- Associated Press - Wednesday, August 8, 2012

Humanity’s family tree may have sprouted some long-lost branches going back nearly 2 million years. A famous paleontology family has found fossils that they think confirm their theory that there are two additional pre-human species besides the one that eventually led to modern humans.

A team led by Meave Leakey, daughter-in-law of famed scientist Louis Leakey, claims in new research made public Wednesday that they have found facial bones from one creature and jawbones from two others in Kenya. That led the researchers to conclude that man’s early ancestor had plenty of human-like company from other species.

These wouldn’t be Homo erectus, believed to be our direct ancestor. They would be more like very distant cousins, who when you go back even longer in time, shared an ancient common ancestor, one scientist said.

But other experts in human evolution aren’t convinced by what they say is a leap to large conclusions based on limited evidence. It’s the continuation of a long-running squabble in anthropology about the earliest members of our own genus, or class, called Homo — an increasingly messy family history. And much of it stems from a controversial discovery that the Leakeys made 40 years ago.

In their new findings, the Leakey team says that none of their newest fossil discoveries match erectus, so they had to be from another flat-faced relatively large species with big teeth.

The new specimens have “a really distinct profile” and thus they are “something very different,” said Maeve Leakey, describing the study published online Wednesday in Nature.

What these new bones did match was an old fossil that Mrs. Leakey and her husband Richard helped find in 1972 that was baffling. That skull just didn’t fit with Homo erectus, the Leakeys contended. They said it was too flat-faced with a non-jutting jaw. For the past 40 years, the scientific question has been whether the outlier skull was a freak mutation of erectus or something new. For many years, the Leakeys have maintained that the male skull showed that there were more than one species of ancient hominids, but other scientists said it wasn’t enough proof.

The Leakeys’ new discoveries are more evidence that this earlier “enigmatic face” was a separate species, said study co-author Fred Spoor of the Max Planck Institute in Germany. The new bones were found between 2007 and 2009 about six miles away from the old site near the fossil-rich Lake Turkana region.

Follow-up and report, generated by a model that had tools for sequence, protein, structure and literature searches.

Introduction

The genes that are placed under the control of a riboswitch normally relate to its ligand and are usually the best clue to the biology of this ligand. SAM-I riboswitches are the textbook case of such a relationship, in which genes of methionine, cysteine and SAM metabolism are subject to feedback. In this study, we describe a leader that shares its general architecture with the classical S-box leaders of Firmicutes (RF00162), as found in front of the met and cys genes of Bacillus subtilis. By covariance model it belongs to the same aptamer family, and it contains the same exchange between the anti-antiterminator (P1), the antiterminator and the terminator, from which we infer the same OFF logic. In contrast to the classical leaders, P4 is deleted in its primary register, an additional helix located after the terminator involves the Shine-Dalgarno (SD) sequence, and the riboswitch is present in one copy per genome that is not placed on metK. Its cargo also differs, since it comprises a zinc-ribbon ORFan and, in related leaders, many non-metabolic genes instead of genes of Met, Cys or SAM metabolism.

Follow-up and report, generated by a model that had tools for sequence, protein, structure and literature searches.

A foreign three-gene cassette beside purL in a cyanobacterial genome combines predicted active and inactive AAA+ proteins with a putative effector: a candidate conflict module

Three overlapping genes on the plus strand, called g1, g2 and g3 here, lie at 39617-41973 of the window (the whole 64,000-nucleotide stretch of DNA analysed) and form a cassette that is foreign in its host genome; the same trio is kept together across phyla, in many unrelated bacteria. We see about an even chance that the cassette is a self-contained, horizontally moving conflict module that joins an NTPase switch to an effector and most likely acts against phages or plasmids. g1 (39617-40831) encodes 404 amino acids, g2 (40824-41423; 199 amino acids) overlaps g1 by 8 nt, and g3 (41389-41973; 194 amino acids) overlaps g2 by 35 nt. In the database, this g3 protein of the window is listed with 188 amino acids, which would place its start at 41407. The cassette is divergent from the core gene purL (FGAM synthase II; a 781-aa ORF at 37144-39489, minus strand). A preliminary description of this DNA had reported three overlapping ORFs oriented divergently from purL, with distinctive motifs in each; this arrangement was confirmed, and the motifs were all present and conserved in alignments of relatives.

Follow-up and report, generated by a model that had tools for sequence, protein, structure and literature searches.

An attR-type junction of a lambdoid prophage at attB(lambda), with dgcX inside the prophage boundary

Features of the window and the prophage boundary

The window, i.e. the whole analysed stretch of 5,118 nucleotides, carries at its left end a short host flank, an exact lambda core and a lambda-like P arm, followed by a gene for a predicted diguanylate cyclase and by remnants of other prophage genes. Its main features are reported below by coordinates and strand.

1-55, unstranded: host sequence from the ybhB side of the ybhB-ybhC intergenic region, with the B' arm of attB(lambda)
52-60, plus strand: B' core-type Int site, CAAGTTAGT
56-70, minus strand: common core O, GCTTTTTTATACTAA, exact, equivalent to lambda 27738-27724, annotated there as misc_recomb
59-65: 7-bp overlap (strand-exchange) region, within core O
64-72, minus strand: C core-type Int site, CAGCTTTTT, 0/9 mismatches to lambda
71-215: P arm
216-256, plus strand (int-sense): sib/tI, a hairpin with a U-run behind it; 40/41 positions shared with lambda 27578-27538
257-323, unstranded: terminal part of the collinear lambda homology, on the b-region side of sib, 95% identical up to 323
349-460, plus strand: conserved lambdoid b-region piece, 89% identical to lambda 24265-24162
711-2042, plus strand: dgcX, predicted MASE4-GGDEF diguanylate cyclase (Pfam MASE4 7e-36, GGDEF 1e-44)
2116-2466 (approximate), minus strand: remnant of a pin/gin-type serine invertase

So that would make two species - erectus and the one represented by the unusual skull, known to researchers as “1470.”

But it’s not that simple. The Leakey scientific team contends that other fossils of old hominids — not those cited in their new study — don’t seem to match either erectus or 1470. They argue that the other fossils seem to have smaller heads and not just because they are female. For that reason, the Leakeys believe there were three living Homo species between 1.8 million and 2 million years ago. They would be Homo erectus, the 1470 species, and a third branch.

“Anyway you cut it, there are three species,” study co-author Susan Anton, an anthropologist at New York University. “One of them is named ‘erectus’ and that ultimately in our opinion is going to lead to us.”

Both of the species that Maeve Leakey said existed back then went extinct more than a million years ago in evolutionary dead ends.

“Human evolution is clearly not the straight line that it once was,” Mr. Spoor said.

But Tim White, a prominent evolutionary biologist at the University of California Berkeley, isn’t buying this new species idea, nor is Milford Wolpoff, a longtime professor of anthropology at the University of Michigan. They said the Leakeys are making too big a jump from too little evidence.

Mr. White said it’s similar to someone looking at the jaw of a female gymnast in the Olympics, the jaw of a male shot-putter, ignoring the faces in the crowd and deciding the shot-putter and gymnast have to be a different species.